We don’t have to have this trillion-dollar bailout shoved down our throats.
You can make a difference.
Phones are ringing off the hook. Peter Viles at L.A.Land:
A key quote in this morning’s Senate hearing about the Paulson bailout is worth repeating. This comes from Ohio Sen. Sherrod Brown, a Democrat:
“Like my colleagues, my phones have been ringing off the hook. The sentiment from Ohioans about this proposal is universally negative.”
Not “overwhelmingly negative.” Not “deeply suspicious.” Not “extremely upset.” Universally negative.
I’ll state the obvious: Members of Congress aren’t generally in the habit of passing historic and spectacularly unpopular legislation five weeks before election day.
Make your voice heard now. Every second counts: 202-224-3121.
Quotable: “‘Just because God created the world in seven days doesn’t mean we have to pass this bill in seven days,’ said Rep. Joe Barton, R-Texas.”
Or at all.
You might want to make a special effort to phone John McCain’s office. He’s waffling and wavering and straddling. Mr. Maverick needs a clue.
Update: Student loans, car loans, and credit card debt have been snuck into the bailout proposal No. No No. Hellllllll, no.
In the dark of night over the weekend when most people were snoozing, the Treasury dramatically expanded its bailout plan to include buying student loans, car loans, credit card debt and any other “troubled” assets held by banks.
The changes, which were included in draft language that also opened the bailout program to foreign banks with extensive loan operations in the United States, potentially added tens of billions of dollars to the cost of the program.
Although it was a major addition to what was already the nation’s largest-ever bailout, it did not become part of the debate between Democrats and the Treasury over details of the program. A Monday counterproposal by Senate Banking Committee Chairman Christopher J. Dodd included such consumer loans as well as mortgages, just as the Treasury’s draft did Saturday night.
“The costs of the bailout will be significantly higher than originally considered or acknowledged,” said Joshua Rosner, managing director of Graham Fisher & Co., who charged that the Treasury and Federal Reserve have not been “forthright” about the ultimate cost to the public. The plan gives Treasury the discretion to buy the non-mortgage loans and securities in consultation with the Fed.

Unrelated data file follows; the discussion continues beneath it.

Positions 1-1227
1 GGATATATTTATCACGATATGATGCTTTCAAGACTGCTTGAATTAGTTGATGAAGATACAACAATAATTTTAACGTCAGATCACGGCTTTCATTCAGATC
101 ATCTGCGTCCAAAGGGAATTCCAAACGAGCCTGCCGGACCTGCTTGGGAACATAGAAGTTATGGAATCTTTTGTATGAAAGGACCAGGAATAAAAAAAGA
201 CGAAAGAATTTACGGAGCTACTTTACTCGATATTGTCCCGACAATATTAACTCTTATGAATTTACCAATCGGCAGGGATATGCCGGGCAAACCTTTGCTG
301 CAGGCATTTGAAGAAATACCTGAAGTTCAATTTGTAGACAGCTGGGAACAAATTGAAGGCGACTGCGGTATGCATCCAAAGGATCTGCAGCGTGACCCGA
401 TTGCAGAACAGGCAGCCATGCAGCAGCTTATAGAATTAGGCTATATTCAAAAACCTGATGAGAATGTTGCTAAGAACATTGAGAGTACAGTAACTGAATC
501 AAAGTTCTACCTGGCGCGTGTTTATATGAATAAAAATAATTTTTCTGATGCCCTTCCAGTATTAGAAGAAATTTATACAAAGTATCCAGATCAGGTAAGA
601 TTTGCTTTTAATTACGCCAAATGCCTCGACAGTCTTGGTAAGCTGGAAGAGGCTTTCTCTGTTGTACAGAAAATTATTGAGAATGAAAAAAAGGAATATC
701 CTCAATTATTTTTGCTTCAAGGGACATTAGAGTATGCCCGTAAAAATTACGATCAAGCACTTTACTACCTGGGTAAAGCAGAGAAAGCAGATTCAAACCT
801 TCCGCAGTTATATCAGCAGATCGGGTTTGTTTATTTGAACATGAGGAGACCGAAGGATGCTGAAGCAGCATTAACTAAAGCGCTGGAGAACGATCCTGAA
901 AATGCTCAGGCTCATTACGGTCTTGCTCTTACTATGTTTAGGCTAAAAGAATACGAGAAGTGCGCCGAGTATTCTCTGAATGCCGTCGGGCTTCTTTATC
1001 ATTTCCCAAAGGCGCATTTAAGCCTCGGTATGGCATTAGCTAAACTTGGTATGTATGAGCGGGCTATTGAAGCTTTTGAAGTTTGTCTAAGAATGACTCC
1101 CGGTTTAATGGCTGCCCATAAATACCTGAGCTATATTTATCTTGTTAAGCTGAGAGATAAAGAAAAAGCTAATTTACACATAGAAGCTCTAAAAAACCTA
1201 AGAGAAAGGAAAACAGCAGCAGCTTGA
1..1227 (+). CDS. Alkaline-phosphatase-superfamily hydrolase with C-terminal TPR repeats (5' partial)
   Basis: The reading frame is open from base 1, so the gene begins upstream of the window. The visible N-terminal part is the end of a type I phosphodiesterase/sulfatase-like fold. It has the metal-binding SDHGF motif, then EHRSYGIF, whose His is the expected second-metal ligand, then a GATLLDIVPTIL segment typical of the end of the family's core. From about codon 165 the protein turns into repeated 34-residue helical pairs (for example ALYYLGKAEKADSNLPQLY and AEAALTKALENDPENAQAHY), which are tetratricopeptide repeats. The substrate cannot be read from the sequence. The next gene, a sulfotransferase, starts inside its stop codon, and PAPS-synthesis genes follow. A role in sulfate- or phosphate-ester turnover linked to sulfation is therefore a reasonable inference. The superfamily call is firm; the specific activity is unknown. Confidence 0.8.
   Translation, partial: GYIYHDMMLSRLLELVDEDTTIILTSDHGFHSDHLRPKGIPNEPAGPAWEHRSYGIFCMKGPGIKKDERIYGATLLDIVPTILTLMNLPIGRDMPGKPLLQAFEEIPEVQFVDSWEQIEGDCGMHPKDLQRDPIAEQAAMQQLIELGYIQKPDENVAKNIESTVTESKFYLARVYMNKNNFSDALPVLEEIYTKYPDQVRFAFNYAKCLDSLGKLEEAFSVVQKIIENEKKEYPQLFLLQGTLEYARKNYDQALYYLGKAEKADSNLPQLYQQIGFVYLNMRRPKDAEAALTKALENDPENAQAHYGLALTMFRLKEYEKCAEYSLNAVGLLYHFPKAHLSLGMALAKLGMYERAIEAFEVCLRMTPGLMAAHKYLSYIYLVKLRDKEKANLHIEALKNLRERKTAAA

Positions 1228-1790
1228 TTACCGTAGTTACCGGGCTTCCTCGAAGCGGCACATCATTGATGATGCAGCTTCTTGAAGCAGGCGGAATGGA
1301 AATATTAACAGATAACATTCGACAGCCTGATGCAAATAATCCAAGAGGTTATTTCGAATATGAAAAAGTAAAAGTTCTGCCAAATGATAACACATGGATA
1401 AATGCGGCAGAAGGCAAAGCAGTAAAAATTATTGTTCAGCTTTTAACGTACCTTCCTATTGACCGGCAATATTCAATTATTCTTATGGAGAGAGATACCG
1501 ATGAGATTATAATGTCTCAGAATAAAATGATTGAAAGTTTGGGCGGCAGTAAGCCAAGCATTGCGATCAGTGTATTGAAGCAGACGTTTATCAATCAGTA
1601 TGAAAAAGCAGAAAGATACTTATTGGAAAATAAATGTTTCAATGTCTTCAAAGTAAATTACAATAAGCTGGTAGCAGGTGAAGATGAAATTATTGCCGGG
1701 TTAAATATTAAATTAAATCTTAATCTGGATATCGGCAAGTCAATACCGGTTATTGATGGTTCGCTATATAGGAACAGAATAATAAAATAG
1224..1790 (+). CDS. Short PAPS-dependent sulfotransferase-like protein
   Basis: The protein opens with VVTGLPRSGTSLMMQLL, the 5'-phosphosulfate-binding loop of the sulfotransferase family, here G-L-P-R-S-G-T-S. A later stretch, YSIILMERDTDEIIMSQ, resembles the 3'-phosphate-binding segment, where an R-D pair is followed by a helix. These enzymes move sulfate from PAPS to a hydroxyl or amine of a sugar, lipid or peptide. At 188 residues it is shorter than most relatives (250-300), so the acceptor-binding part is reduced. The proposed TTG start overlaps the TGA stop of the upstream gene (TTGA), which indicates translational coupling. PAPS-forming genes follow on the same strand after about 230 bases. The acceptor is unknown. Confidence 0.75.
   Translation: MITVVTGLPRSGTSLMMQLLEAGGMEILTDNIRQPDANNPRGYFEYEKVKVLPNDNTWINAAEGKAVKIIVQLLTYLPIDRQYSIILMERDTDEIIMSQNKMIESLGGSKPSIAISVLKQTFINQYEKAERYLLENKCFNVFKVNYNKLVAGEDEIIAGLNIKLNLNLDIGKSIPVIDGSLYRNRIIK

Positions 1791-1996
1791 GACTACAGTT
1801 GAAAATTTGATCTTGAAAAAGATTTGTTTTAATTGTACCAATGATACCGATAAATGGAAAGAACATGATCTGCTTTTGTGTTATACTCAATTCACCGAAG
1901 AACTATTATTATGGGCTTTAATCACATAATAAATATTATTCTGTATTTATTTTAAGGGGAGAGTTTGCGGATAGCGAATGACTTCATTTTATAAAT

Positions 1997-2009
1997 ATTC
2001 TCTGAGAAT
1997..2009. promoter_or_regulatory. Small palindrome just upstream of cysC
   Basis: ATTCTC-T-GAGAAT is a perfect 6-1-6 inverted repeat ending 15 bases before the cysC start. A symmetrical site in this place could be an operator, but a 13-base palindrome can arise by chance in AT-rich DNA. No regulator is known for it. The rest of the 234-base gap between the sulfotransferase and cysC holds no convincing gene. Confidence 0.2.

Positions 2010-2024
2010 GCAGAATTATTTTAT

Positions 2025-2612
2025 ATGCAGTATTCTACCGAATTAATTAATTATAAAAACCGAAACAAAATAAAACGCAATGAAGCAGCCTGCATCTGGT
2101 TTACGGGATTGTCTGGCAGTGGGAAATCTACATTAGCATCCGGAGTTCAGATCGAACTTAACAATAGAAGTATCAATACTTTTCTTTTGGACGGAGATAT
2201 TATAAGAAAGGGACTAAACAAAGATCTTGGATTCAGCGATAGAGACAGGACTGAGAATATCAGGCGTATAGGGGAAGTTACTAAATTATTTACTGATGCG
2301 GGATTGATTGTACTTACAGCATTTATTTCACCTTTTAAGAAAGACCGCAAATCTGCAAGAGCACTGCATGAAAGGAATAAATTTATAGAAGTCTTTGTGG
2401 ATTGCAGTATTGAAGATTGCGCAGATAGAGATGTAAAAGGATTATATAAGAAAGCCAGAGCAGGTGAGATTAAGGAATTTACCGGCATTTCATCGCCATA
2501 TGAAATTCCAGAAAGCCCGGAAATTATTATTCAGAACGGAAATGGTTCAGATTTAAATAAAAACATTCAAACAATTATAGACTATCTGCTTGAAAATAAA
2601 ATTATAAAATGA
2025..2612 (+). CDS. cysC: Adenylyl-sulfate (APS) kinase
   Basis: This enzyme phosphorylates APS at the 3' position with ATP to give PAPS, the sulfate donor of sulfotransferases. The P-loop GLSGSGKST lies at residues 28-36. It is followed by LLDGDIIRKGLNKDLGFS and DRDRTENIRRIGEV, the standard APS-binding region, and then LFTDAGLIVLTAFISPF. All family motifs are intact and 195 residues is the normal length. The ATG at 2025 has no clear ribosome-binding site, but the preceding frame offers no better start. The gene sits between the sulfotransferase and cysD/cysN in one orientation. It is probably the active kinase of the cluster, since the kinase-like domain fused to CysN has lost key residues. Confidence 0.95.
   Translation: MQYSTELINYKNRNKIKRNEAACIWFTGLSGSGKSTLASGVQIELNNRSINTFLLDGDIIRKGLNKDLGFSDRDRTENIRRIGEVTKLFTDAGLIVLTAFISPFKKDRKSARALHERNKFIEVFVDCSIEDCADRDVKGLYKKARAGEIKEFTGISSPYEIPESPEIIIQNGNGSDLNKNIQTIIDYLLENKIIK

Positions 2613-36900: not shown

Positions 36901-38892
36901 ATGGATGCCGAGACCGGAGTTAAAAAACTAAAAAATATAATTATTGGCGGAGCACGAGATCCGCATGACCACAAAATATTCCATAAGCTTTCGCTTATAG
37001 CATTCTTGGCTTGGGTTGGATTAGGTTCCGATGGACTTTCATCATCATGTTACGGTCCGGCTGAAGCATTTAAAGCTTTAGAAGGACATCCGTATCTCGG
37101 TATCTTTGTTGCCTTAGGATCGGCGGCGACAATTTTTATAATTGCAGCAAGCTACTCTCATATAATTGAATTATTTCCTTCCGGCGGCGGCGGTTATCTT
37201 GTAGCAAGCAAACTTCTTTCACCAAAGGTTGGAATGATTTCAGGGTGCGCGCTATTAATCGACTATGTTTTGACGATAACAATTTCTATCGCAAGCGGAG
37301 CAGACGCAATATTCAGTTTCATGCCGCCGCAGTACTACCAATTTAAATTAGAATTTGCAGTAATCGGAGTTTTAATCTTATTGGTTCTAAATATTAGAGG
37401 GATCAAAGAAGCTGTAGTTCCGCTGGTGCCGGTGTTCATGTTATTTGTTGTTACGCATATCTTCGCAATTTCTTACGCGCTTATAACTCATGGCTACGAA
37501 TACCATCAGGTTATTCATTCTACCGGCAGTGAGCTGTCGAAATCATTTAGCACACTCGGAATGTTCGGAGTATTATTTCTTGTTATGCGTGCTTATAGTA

Conservatives cited the move as a sign that the massive plan to take over bad mortgage debt already is opening the door to further government bailouts.
Get your GOP senator off the fence:
Many members of the U.S. Senate blasted the Bush administration’s Wall Street bailout plan Tuesday, but no senator has come forward so far with an explicit pledge to kill the $700 billion proposal.
The rules of the Senate, unlike the House , give individual lawmakers substantial power to delay or halt legislation, but three Senate aides said there were no clear signs yet of that power being exercised.
As the Senate Banking Committee held a hearing on the plan put forward by the Treasury Department, aides said much would depend on Alabama Sen. Richard Shelby, the committee’s top Republican, who was sharply critical at the hearing.
The outlook for Treasury’s plan would dim greatly if Shelby were to move to block the bill that is expected to emerge soon from congressional debate over the plan, the aides said.
The Democrat-controlled Congress and the Republican Bush administration are in negotiations over specifics of the bailout bill, with the House aiming to get legislation to a floor vote possibly Friday…
…Other senators, including Republicans Jim Bunning of Kentucky and Jim DeMint of South Carolina, have expressed strong concerns.
But the aides said these lawmakers also have stopped short of warning they would work to block the bill.